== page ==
Eggplant is a species of nightshade commonly known in British English as aubergine and also known as melongene, garden egg, or guinea squash. It bears a fruit of the same name (commonly either “eggplant” in American and Australian English or “aubergine” in British English) that is widely used in cooking, most notably as an important ingredient in dishes such as moussaka and ratatouille.
The tomatillo (Physalis philadelphica) is a plant of the nightshade family, related to the Cape gooseberry, bearing small, spherical and green or green-purple fruit of the same name. Tomatillos originated in Mexico, and are a staple of that country’s cuisine. They are grown as annuals throughout the Western Hemisphere. Tomatillos are frequently eaten fried, boiled, or steamed. The leaves are also used to treat urinary tract infections.
Chayote is originally native to Mexico or Central America where it grows abundantly and has little commercial value, and it has been introduced as a crop all over Latin America, and worldwide. Chayote is an edible plant belonging to the gourd family along with melons, cucumbers and squash.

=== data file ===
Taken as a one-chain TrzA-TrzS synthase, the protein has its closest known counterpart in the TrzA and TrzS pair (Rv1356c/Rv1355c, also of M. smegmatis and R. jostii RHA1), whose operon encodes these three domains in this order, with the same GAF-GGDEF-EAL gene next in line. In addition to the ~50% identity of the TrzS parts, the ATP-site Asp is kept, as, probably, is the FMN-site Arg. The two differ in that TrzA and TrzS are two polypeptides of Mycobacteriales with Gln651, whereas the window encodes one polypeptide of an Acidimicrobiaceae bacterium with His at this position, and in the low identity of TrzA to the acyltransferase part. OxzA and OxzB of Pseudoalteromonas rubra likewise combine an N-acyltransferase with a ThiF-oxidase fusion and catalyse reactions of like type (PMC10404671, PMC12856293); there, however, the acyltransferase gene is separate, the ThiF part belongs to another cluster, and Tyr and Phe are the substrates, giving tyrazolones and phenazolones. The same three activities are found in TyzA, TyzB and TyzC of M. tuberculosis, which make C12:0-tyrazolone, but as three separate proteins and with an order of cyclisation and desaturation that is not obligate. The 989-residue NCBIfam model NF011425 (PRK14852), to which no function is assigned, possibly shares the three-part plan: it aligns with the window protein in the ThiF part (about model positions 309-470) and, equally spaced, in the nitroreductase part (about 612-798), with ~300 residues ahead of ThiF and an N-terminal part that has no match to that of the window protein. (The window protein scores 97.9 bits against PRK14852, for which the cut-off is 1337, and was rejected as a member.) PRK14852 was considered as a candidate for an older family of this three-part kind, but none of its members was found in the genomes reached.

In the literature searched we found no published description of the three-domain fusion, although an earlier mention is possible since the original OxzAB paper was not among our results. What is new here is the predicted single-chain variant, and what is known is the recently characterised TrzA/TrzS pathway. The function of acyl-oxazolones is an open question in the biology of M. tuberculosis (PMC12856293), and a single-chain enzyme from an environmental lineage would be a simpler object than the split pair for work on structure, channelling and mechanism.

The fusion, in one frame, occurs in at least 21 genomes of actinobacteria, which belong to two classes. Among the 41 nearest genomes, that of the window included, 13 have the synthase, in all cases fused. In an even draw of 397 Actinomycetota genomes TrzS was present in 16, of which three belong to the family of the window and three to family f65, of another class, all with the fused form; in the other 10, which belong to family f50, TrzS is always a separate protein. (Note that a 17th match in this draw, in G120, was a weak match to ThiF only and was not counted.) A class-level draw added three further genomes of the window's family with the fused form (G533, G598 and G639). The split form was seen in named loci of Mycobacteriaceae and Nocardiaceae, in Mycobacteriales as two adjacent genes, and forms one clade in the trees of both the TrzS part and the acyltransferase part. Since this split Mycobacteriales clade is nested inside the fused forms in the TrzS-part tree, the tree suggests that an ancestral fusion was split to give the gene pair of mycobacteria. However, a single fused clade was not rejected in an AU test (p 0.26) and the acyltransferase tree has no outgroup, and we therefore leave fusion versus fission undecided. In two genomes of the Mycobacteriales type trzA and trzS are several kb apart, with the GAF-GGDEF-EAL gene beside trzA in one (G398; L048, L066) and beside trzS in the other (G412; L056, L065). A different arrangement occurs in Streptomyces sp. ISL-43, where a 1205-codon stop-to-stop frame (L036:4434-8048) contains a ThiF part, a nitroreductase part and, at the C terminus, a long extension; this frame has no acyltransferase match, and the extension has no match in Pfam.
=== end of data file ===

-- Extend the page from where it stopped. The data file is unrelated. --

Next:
Okra known in many English-speaking countries as ladies’ fingers, bhindi, bamia, or gumbo, is a flowering plant in the mallow family. It is valued for its edible green seed pods. The geographical origin of okra is disputed, with supporters of South Asian, Ethiopian and West African origins. The plant is cultivated in tropical, subtropical and warm temperate regions around the world.
Breadfruit is a species of flowering tree in the mulberry family, Moraceae, growing throughout Southeast Asia and most Pacific Ocean islands. It is also grown in the Leeward Islands and Windward Islands of the Caribbean. Its name is derived from the texture of the cooked fruit, which has a potato-like flavor, similar to freshly baked bread.
The avocado (Persea americana) is a tree native to Mexico and Central America,classified in the flowering plant family Lauraceae along with cinnamon, camphor and bay laurel. Avocado or alligator pear also refers to the fruit, botanically a large berry that contains a single seed.
Green beans, also known as string bean, snap bean in the northeastern and western United States, or ejotes in Mexico, are the unripe fruit of various cultivars of the common bean (Phaseolus vulgaris). Green bean cultivars have been selected especially for the fleshiness, flavor, or sweetness of their pods.
The snow pea is a legume, more specifically a variety of pea eaten whole in its pod while still unripe. The name mangetout (French for “eat all”) can apply both to snow peas and to snap peas.